**Y. Mao, M. Warner**

**May 25, 2000**

Cavendish Laboratory, Madingley Road,

Cambridge, CB3 0HE, UK.

We present a continuum model for a nematic elastomer network
formed in a chiral environment, for instance in the presence of a
chiral solvent. When this environment is removed, the network can
retain some memory of its chiral genesis. We predict the residual
chiral order parameter for a number of possible scenarios, and go
on to examine the robustness (stability) of the imprinted chirality.
We show that a twist-untwist transition can take place,
which determines whether the imprinting has been successful.
A transition is via a coarsening of the helical director pattern and
a lengthening of its pitch. Finally, the effect due to a
subsequent swelling by an achiral solvent, or by a solvent of
differing chirality, is considered.

PACS numbers: 61.30.-v, 61.41.+e,
78.20.Ek

Nematic elastomers combine the properties of a liquid
crystal and those of a conventional rubber. This synergy gives
rise to novel material behaviour, which in turn has stimulated
much research in past years [1]. From a general symmetry
argument, de Gennes [2] first suggested that chirality
may be introduced to such an elastomer by simply forming it in a
chiral solvent. The originally achiral liquid crystalline polymer
would then remember the induced chirality after crosslinking, even
when the solvent is removed or replaced with an achiral one. This
is the case of chiral imprinting, which potentially can open up an
entirely new way of producing materials of specified optical
properties. Chiral imprinting, in principle,
is akin to crosslinking a nematic polymer under an external magnetic or
mechanical field [1,3] where the monodomain state
is also permanently imprinted. Experimentally chiral imprinting
was studied long ago [4] as a function of solvent
exchange. It has been exploited by Yang *et al*,
who used a weak gel to stabilise cholesteric textures or director
uniformity in reflective display devices.
More recently imprinting has been studied [6] as a
function of both solvent removal and temperature.

Another measure of imprinting occurs in intrinsically cholesteric networks. On temperature changes that would cause a substantial pitch variation in a non-crosslinked cholesteric polymer melt, the corresponding network suffers essentially no variation - see for example Fig. 8 of reference [7], where also many other references to cholesteric elastomers are given. In this paper, we analyse chiral imprinting, and predict the retained chiral properties of the elastomer when the initial chiral environment of crosslinking is altered. Gradients of director variation are modeled within continuum Frank nematic elasticity. The nematic elastomer penalty for rotation of the director relative to the solid matrix is described in a fully non-linear, rubber-elastic manner since rotation can be large.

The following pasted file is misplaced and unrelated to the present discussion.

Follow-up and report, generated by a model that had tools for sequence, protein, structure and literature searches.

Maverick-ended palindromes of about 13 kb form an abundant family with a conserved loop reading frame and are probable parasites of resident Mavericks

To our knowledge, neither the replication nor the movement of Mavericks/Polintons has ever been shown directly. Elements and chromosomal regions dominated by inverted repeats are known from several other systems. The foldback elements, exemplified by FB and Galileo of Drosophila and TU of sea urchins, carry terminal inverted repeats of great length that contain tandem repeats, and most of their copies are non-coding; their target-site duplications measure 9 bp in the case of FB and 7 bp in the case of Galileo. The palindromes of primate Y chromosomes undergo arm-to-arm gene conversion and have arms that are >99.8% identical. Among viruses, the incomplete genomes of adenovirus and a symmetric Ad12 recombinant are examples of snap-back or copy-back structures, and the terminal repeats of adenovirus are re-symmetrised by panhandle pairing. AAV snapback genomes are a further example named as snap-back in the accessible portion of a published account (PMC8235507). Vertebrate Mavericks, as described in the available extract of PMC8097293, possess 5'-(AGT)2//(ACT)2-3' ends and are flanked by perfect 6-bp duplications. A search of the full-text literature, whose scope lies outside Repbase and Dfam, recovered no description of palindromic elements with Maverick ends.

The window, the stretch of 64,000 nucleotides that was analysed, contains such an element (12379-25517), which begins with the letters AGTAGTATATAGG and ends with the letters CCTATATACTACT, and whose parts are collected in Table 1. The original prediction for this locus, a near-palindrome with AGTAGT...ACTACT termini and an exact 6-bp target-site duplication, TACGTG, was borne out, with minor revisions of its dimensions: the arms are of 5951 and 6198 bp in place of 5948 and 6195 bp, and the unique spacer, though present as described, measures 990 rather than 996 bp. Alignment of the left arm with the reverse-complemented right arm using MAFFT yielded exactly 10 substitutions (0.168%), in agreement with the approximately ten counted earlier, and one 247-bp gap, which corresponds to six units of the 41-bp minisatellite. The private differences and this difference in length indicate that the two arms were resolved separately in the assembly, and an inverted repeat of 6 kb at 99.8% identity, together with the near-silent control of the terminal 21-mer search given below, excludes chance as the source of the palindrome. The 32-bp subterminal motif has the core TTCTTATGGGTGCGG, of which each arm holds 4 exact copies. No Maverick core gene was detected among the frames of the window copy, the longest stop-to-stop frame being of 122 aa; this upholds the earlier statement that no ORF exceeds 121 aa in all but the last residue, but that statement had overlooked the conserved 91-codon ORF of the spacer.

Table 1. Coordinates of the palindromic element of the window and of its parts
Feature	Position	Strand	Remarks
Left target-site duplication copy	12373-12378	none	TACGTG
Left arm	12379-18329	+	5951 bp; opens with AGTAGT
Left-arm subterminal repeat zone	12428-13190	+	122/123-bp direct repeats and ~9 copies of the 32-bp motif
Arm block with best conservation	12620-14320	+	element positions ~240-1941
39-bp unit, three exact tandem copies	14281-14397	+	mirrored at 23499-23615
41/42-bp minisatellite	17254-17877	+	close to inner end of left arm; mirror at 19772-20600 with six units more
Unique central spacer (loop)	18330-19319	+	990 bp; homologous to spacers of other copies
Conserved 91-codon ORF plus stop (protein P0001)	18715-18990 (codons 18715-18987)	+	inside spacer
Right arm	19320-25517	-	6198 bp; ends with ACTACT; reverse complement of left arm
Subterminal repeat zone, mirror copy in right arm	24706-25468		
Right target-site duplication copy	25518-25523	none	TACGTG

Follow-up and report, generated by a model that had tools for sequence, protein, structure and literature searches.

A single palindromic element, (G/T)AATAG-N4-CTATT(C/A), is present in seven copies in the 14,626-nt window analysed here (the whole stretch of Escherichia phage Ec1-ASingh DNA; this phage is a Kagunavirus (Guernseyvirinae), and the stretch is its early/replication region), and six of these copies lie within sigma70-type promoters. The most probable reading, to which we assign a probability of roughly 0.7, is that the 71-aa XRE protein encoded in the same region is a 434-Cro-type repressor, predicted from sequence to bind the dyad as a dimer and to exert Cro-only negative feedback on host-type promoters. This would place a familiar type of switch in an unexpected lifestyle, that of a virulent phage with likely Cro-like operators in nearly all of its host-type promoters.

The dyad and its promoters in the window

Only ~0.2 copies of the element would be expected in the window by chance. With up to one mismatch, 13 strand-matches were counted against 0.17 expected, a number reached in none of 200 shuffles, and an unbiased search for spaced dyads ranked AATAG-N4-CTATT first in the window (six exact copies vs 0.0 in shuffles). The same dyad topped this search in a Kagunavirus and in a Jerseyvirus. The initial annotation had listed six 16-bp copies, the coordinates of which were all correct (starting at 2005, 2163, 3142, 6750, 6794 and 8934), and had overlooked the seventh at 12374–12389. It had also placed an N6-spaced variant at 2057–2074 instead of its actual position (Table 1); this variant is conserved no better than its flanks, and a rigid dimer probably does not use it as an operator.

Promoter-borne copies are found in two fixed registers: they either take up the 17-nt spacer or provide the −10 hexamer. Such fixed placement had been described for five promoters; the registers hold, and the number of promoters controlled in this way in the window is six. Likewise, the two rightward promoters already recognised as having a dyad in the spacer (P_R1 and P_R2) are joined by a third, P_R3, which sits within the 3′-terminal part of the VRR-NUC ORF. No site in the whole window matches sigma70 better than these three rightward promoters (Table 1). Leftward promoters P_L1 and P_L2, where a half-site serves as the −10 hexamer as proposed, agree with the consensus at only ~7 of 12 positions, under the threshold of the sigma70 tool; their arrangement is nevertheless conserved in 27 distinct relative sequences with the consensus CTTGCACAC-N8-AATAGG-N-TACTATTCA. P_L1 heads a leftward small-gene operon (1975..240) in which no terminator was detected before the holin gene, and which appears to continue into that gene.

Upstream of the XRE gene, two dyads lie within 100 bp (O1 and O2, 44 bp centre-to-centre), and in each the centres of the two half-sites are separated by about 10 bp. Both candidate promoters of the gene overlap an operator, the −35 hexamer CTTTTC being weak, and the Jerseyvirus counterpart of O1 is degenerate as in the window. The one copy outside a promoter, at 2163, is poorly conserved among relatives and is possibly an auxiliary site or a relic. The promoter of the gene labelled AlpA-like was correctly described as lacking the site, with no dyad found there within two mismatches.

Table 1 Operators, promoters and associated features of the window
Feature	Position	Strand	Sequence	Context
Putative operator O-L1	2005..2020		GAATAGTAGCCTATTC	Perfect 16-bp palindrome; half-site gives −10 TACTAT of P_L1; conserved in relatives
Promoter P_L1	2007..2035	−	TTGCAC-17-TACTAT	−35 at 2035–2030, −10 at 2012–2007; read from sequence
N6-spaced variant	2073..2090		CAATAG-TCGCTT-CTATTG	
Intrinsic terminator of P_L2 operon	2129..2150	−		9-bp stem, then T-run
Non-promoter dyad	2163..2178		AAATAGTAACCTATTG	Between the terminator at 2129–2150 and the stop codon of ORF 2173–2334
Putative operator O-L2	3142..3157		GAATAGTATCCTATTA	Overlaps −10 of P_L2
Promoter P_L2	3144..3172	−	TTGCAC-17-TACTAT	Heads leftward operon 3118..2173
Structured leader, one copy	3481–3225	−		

A nematic liquid crystal has a mobile director
,
the gradient of which incurs a Frank energy [8].
For the free energy density of a cholesteric liquid crystal, the twist
term is modified by a pitch wave number, *q*_{0}:

where

When liquid crystalline polymers are crosslinked into a rubber
network, additional constraints on
arise in the form of
director anchoring to the network. Anchoring manifests itself with
an extra energy cost [9] for a uniform director
rotation
relative to a local rotation of the
elastic matrix
.
The energy density is
.
A second term couples the relative director-matrix rotation to
the shearing part of the elastic strain,
, that is
.
For such strains to rotate the director in a cholesteric,
they would have to vary along the helical axis. Elastic
compatibility then introduces prohibitively expensive secondary
shears. Another alternative is an *x*, *y*-dependent
, but this appears
unsupported by experiment [6].
We accordingly ignore
terms.

Consider an initially regular cholesteric helix along the

where

where ' indicates

The two limits of the energy density are (i) the perfectly twisted
cholesteric state
where the
current pitch wavevector is unchanged from *q*_{0}, and (ii) the
untwisted state
,
the additional factor
of
arising from the averaging of over one period. Thus, crudely, we expect the director to be
twisted if

and untwisted otherwise, this balance being tuneable since

To simplify matters, we begin with the following substitutions:

the angle describes the variation away from (or modulation of) the original helical pattern, that is we are now in a rotating frame of reference. Lengths are reduced by the nematic rubber penetration depth , the natural length scale in the problem. The parameter is a non-dimensional measure of the nematic length relative to the chiral pitch, and the condition (3) is equivalent to . Following the remarks below Eq. (3), we expect imprinting to be lost at large and retained at small . Dropping a constant arising from the variable change , the reduced energy (per unit cross-section area perpendicular to the pitch axis) is:

where signifies

The first integral of the Euler-Lagrange equation corresponding to